The Program of Action and the International Tracing Instrument enhance respect for life and the dignity of the human person through the promotion of a culture of peace. It is clear that greater international cooperation and assistance will be needed in order to restrict severely, and ultimately eradicate, the illicit trade in small arms and light weapons.

Mr. Chair,

A secure world is essential for development and thus for the fight against extreme poverty. Pope Paul VI famously said in 1967: “Development is the new name for peace”: an affirmation that prefigures the interconnectedness of the goals and targets of the 2030 Agenda for Sustainable Development, which states: “There can be no sustainable development without peace and no peace without sustainable development.”

In this regard, my Delegation believes that it is important not to undervalue the role of quality education. We have to give a response to the challenge of so many young people falling prey to recruitment into armed groups. Dragged into situations of violent conflict not of their choice or making, they find themselves caught up in perpetuating cycles of violence that sadly become a way of life. Even young children are more adept with instruments of destruction than the books and pens they really need to develop as responsible human beings who can build, in their turn, a lasting, more just and peaceful society.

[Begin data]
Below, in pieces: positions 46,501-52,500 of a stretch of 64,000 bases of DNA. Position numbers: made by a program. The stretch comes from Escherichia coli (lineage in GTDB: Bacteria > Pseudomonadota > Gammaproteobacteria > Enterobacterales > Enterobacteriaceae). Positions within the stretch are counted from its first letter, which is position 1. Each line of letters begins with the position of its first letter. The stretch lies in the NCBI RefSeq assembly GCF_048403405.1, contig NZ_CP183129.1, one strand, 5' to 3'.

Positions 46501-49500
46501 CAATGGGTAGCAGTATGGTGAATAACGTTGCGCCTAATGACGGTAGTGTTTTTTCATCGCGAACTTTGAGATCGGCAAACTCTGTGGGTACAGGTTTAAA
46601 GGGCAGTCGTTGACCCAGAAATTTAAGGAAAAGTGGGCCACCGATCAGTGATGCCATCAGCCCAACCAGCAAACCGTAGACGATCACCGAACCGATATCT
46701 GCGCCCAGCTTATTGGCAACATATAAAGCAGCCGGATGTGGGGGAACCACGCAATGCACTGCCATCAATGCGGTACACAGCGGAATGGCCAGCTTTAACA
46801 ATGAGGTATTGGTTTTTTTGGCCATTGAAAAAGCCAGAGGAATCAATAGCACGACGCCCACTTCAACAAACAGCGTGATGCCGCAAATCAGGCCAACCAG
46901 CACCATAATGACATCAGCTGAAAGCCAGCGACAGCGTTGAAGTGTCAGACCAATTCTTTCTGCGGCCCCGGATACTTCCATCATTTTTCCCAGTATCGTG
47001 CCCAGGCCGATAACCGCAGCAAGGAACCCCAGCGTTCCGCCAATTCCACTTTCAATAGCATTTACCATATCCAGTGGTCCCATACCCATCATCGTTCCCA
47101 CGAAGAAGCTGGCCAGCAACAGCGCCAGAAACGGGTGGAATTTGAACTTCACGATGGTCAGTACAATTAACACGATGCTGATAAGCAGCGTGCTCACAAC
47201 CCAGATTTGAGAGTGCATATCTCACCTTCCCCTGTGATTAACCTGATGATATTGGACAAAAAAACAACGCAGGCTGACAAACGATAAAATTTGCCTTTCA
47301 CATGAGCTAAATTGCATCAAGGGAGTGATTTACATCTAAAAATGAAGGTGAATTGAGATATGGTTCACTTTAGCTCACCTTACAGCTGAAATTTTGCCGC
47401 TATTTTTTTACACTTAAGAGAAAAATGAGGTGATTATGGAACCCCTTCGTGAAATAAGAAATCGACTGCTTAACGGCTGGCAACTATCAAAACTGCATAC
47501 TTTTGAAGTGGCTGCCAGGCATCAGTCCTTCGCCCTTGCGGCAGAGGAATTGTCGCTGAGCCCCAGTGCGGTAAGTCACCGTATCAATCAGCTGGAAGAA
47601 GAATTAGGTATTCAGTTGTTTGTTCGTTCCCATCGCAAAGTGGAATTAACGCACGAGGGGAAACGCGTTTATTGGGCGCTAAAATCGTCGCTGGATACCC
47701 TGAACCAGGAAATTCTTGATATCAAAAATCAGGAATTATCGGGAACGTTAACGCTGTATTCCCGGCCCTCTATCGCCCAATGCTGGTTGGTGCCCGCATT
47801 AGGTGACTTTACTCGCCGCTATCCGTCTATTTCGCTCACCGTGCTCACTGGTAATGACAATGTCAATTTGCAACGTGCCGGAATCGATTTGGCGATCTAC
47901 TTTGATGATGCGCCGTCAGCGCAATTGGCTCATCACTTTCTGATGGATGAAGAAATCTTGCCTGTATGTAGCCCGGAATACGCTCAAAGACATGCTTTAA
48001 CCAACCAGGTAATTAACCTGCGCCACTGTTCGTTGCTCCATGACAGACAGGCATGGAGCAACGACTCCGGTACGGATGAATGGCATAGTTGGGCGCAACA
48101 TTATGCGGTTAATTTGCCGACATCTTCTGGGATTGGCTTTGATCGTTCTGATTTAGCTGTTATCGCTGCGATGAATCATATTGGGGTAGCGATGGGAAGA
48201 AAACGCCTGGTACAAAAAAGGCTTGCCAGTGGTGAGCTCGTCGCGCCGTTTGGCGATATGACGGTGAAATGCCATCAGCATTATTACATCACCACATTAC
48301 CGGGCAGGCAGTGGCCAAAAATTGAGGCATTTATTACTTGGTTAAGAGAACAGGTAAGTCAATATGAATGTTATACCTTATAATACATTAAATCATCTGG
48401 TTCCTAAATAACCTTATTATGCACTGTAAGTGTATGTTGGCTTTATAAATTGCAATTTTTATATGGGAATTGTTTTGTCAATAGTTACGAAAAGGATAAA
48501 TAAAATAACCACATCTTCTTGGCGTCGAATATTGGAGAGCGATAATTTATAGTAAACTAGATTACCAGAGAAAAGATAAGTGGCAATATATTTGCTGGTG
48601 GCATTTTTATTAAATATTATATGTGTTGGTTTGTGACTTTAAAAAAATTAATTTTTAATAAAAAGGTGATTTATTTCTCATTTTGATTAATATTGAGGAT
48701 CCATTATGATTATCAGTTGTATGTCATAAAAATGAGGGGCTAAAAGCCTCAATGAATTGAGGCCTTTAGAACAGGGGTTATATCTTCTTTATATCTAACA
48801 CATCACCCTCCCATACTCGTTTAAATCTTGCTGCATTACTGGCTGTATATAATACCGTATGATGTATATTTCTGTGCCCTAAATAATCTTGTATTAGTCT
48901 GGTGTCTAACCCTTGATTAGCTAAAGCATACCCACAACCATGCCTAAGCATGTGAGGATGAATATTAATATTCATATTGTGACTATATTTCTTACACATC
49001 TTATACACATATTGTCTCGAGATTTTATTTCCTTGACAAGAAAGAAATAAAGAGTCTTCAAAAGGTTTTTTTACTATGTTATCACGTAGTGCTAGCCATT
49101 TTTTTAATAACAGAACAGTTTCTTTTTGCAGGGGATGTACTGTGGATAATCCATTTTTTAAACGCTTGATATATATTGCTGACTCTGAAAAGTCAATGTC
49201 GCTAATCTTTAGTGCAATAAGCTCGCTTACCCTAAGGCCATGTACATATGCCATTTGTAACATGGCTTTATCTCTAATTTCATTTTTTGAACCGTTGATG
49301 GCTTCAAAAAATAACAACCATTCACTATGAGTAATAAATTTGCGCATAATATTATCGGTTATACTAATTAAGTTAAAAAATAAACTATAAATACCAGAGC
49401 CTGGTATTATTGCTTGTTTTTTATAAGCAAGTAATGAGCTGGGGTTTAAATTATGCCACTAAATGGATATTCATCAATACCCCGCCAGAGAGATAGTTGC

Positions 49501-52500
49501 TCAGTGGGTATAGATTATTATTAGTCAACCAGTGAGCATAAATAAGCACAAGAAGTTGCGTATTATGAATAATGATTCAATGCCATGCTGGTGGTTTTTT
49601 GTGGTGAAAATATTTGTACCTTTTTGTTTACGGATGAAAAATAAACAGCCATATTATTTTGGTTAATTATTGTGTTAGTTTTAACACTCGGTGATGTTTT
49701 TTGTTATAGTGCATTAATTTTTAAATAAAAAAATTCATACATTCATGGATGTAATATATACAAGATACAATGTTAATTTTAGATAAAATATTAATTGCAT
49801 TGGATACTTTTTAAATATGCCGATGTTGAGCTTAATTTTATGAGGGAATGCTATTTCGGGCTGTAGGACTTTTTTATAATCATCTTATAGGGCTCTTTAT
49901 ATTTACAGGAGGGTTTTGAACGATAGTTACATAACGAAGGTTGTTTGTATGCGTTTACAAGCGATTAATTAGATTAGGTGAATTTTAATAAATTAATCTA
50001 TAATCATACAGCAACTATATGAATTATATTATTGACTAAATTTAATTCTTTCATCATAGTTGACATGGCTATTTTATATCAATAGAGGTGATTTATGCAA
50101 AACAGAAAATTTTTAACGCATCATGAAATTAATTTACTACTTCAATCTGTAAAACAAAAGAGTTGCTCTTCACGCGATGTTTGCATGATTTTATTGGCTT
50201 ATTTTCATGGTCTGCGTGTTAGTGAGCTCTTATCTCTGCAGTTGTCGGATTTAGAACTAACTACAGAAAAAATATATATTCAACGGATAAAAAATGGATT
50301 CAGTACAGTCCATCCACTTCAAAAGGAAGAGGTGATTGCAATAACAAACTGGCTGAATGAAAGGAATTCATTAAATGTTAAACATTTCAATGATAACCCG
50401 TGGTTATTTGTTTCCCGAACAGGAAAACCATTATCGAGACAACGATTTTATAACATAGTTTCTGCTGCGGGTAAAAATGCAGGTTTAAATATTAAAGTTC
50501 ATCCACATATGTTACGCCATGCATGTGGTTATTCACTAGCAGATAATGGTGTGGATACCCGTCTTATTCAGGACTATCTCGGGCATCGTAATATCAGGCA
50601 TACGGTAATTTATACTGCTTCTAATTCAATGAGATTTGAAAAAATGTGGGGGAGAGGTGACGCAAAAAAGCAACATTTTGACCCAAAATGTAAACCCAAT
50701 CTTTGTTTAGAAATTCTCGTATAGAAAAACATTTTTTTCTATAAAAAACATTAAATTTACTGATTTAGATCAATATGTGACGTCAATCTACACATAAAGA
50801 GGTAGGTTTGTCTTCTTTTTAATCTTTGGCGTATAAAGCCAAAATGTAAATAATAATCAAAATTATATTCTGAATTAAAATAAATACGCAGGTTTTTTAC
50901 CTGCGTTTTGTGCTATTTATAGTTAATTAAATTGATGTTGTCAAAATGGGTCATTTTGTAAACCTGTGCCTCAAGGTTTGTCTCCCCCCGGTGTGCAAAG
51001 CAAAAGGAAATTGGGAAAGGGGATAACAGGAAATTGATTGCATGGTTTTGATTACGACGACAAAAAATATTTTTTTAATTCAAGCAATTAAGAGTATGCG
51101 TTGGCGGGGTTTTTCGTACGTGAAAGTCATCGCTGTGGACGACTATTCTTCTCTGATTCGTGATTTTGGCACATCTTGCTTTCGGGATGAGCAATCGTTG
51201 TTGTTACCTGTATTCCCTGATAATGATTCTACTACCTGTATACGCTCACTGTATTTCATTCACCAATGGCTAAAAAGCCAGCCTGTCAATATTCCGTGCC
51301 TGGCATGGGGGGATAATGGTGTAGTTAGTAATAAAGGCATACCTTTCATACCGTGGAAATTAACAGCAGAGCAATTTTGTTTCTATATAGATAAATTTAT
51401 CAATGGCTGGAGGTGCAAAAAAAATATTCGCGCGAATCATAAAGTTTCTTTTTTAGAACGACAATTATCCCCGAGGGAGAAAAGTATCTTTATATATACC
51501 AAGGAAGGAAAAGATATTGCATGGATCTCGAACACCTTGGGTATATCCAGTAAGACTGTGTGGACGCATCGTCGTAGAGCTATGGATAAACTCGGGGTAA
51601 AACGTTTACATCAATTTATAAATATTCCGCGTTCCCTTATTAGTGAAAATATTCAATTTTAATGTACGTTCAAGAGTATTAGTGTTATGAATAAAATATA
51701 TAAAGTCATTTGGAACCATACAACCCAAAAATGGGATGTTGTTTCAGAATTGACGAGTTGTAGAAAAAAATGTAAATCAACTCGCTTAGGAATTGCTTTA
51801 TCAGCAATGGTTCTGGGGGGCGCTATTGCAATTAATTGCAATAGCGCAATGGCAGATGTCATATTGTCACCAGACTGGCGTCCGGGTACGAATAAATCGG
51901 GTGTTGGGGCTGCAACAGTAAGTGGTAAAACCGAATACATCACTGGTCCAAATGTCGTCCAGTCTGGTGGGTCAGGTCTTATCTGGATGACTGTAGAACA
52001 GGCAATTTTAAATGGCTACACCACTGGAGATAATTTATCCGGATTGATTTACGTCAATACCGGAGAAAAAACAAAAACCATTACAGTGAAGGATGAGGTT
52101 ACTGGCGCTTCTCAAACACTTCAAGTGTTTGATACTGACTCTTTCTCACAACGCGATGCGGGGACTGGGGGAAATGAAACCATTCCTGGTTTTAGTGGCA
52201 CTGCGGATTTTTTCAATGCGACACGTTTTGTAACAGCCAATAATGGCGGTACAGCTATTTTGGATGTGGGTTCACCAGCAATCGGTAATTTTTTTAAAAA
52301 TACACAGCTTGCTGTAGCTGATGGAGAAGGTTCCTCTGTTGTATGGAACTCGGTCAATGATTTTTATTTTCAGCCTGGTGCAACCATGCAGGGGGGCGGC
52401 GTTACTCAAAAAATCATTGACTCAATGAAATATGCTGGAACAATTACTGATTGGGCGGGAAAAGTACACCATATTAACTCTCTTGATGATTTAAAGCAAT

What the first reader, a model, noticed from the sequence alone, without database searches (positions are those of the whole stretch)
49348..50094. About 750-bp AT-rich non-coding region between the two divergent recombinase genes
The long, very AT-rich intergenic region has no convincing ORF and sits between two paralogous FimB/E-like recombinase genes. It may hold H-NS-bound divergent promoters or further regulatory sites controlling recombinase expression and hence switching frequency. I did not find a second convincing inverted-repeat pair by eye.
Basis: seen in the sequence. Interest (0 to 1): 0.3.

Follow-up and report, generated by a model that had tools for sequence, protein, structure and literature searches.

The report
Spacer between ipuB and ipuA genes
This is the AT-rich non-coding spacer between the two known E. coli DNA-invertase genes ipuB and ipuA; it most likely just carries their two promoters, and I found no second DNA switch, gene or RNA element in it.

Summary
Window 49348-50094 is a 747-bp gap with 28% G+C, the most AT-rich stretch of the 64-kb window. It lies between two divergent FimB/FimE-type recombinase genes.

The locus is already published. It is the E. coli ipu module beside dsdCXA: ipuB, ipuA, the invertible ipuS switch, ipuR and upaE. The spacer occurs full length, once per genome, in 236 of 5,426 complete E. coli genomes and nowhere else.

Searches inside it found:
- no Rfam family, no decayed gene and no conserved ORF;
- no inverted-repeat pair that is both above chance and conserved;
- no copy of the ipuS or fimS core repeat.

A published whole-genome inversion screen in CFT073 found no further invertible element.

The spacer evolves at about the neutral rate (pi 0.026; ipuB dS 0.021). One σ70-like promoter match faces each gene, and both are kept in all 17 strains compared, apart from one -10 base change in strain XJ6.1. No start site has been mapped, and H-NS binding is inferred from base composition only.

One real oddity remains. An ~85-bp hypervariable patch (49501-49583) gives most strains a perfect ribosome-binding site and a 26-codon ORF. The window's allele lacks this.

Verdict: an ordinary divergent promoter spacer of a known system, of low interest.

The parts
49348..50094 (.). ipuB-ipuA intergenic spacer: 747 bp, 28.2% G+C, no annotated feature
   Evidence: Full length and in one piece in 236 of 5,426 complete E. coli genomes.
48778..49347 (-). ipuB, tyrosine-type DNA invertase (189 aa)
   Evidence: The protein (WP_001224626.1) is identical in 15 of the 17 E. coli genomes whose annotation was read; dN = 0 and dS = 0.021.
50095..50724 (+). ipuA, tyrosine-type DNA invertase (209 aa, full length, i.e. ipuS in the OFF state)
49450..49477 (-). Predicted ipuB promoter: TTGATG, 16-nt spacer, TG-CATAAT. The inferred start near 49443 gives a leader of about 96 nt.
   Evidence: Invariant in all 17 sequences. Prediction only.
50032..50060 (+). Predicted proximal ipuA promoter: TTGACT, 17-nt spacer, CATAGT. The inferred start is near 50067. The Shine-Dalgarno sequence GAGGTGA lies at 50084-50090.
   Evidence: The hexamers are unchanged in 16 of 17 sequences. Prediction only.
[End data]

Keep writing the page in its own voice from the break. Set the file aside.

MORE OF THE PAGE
Education is also important at all levels of society and for people of all ages to dissuade them from making an unjust use of weapons. Just as we must use every effort to combat the illicit trade in small arms and light weapons, similarly, we should strive to counter the very demand for these weapons. As such, the implementation of educational and awareness activities aimed at promoting a culture of peace and life is necessary. Such an approach seeks to overcome the culture of violence. The ultimate goal uniting us in this area is the protection of the life and dignity of each human person. For this reason, it seems appropriate to ensure, even in this process, the centrality of the human person, and therefore to emphasize the importance of considering the human dimension in facing the problem of illicit trade in arms.